Khapra beetle interceptions in imported goods: Australia
14 August 2020, Canberra: The department is currently managing and investigating several Khapra beetle interceptions in recently imported cargo and containers. Australia maintains a pest free status for Khapra beetle, a serious pest of stored grain and dried food products.
Australia has a robust biosecurity system that reduces the risks posed by exotic pests and diseases, and well established procedures to manage interceptions when they do occur.
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The recent interceptions occurred in imported non-food goods, such as refrigerators, car parts, nuts and bolts, as well as empty containers and high-risk food goods such as spices and flour.
The department is working closely with importers and businesses to manage the risk and to get information to determine what other products may be of risk.
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All goods associated with the shipments are being traced to identify, contain and eliminate any potential biosecurity risk.
Additionally, the department is analysing global trade patterns to gain a better understanding as to why these interceptions are taking place, and how non-food goods can become infested. It is likely that Khapra beetle can hitchhike in containers that previously carried high-risk items.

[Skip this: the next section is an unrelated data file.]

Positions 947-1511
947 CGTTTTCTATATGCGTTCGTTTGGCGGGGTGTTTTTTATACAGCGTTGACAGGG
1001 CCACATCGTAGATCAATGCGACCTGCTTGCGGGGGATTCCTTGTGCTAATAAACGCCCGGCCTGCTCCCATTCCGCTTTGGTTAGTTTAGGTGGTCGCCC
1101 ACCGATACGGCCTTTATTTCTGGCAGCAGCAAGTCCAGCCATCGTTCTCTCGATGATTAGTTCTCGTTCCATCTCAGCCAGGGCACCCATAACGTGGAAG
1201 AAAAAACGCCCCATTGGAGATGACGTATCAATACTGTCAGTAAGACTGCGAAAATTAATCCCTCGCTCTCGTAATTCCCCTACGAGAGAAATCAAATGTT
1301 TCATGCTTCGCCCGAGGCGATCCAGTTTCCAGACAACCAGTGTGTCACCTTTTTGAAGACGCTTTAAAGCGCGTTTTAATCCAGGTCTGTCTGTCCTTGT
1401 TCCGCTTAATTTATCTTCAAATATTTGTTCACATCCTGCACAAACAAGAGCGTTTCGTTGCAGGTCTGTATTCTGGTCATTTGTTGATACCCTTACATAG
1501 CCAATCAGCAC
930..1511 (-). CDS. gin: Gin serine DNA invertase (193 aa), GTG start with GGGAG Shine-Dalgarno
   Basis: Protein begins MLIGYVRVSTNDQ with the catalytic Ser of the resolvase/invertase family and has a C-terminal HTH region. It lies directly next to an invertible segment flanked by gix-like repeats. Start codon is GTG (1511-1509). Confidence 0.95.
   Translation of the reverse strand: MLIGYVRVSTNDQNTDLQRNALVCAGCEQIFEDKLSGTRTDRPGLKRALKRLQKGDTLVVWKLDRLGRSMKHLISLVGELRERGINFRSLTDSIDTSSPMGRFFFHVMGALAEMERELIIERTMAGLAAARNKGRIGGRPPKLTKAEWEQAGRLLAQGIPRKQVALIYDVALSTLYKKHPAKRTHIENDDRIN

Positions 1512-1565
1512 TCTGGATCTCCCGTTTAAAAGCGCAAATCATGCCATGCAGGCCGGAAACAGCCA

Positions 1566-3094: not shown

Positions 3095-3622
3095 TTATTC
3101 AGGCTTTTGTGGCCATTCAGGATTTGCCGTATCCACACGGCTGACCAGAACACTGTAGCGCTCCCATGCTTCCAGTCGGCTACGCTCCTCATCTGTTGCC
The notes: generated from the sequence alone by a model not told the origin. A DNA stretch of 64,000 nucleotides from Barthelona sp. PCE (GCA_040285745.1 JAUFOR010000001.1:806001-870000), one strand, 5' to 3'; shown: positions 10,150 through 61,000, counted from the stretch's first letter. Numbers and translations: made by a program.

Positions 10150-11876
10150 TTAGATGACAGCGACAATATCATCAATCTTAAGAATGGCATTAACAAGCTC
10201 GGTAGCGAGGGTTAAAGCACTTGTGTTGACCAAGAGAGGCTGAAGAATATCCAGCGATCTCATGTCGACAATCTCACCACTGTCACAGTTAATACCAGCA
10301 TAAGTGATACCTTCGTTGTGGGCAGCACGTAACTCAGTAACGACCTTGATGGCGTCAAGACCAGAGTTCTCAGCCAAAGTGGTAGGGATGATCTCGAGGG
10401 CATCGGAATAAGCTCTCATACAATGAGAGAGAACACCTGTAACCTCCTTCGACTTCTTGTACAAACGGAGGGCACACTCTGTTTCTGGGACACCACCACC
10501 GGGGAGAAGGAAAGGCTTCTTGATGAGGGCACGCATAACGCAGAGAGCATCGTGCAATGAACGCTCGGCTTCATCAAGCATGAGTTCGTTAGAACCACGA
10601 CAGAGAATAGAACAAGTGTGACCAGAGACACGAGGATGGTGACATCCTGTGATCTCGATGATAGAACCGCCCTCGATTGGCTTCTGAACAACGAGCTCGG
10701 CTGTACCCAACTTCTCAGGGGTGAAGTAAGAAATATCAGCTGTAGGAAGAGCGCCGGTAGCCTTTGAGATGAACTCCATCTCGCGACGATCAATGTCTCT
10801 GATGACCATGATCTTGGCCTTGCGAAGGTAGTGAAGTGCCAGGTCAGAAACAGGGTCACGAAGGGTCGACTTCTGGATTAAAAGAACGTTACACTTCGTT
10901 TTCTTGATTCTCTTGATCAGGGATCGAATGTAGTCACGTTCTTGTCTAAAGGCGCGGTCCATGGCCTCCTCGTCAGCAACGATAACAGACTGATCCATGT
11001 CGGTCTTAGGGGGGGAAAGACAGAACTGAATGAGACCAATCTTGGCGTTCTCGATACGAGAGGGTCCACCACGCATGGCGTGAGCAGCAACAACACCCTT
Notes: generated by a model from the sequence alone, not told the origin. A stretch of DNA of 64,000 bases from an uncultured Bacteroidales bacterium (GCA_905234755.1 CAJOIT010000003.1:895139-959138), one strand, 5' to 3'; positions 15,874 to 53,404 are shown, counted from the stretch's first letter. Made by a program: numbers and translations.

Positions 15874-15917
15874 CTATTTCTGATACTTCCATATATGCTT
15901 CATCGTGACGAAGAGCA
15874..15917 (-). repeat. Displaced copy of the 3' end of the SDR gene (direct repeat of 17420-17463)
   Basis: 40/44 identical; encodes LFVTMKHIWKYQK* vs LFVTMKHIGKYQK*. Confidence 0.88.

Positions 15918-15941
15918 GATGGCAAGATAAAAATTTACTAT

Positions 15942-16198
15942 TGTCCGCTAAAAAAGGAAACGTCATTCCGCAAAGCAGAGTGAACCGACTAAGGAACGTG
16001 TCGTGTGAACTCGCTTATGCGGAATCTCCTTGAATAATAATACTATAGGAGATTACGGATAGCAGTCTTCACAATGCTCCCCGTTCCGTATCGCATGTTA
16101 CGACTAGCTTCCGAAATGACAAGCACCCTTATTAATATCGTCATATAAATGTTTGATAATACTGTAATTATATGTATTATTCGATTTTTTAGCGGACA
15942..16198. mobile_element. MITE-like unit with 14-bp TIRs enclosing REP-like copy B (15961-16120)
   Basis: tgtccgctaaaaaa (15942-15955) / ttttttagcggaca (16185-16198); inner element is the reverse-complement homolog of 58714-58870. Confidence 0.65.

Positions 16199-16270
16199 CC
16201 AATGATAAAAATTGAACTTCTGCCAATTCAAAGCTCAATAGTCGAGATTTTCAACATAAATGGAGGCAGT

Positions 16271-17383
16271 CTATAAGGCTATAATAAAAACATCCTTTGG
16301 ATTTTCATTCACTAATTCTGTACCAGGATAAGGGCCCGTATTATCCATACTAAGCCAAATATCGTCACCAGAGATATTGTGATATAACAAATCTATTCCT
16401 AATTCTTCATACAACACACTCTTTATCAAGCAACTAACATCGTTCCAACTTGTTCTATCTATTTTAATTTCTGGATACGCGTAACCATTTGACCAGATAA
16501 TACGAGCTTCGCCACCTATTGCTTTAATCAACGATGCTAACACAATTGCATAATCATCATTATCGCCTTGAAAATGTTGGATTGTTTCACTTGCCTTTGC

A range of urgent measures are being put in place, using a phased approach, to safeguard our country from khapra, including stricter import conditions for high-risk goods.
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Importers, businesses and consumers are asked to report anything unusual in their imported goods. To report a biosecurity concern visit awe.gov.au/report or call the See. Secure. Report hotline on 1800 798 636.
Khapra beetle larvae are 1.6–7mm long, golden brown with distinctive hairs across the body, including longer hairs at the end of the body that resemble a tail. Adults are less common, and are 2–3mm long, oval shaped, light yellowish brown to dark brown and covered with many fine hairs.
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They can be found in stored products and around places where stored products are kept or transported. This includes between cracks and wall linings of storage containers.
Photo credit: Vegan Photo on Visualhunt / CC BY